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Girmay Edits BOA Selections
In October 2020, BOA Editions, an indie press located in Rochester, New York, named poet Aracelis Girmay the first editor-at-large of its Blessing the Boats Selections, a line of poetry books written by women of color.
What We Ought to Do: THE SONG OF IMBOLO MBUE
In her second novel, How Beautiful We Were, Imbolo Mbue uses the chorus of voices in a small African village fighting for justice in the shadow of an American oil company to sing in celebration of community, connection, and enduring hope.
Pandemic Pen Pals
Nupur Chaudhury, a public health strategist living in New York City, grew up in the nineties sending letters through the mail. She received weekly aerograms from relatives in India; she corresponded with a pen pal in Texas; her father even took her to admire the post office’s new stamps every month. But as she grew older, Chaudhury says, “E-mail became more popular, and I really put that writing part of me to the side”—that is, until she came across the pen pal exchange Penpalooza on Twitter in August 2020.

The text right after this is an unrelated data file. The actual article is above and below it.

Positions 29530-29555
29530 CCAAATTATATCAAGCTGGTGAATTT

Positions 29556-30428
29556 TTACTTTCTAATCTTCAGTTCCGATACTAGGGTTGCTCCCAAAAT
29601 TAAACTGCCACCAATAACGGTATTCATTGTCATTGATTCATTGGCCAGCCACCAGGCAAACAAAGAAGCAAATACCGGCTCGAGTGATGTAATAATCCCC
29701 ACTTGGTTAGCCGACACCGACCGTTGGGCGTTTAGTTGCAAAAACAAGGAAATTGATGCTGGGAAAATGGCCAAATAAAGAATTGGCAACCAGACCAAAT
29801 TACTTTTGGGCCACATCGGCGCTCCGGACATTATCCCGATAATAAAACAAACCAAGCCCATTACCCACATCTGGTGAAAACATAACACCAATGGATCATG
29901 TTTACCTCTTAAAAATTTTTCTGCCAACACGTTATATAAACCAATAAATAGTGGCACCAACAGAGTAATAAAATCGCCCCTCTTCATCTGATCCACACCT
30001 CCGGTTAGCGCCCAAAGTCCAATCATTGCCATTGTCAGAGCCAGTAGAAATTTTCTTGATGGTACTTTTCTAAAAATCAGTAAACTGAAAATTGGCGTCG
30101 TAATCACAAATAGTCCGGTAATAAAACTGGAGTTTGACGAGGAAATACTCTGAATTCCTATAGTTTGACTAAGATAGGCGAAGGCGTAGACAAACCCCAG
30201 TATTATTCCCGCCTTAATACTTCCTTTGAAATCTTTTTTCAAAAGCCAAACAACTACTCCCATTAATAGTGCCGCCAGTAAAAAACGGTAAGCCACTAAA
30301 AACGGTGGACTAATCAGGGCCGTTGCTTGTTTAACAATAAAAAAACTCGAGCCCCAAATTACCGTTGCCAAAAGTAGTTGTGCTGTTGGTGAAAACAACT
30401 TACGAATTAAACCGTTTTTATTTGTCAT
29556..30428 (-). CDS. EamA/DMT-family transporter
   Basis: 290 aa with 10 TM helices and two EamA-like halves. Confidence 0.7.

Neither muscle nor mouth
Neither muscle nor mouth / devoted to one way of speaking. Every language // I borrow from somewhere else,” writes Threa Almontaser in The Wild Fox of Yemen (Graywolf Press, April 2021), winner of the Walt Whitman Award. In her debut Almontaser summons the language of her ancestors and family members, poets both contemporary and historical, experimental rock bands and rappers, and many more, to fashion an idiom that is both rebellious and reverent. Dedicated to the people of Yemen, the book offers a portrait of a country and its history and future. “Yemen has such an ancient and rich history, but with its current collapse, search engines show only the sad photos of starving kids,” says Almontaser. “I wanted to portray not only the war, but the beauty of Arabia Felix, of what it could still return to being.”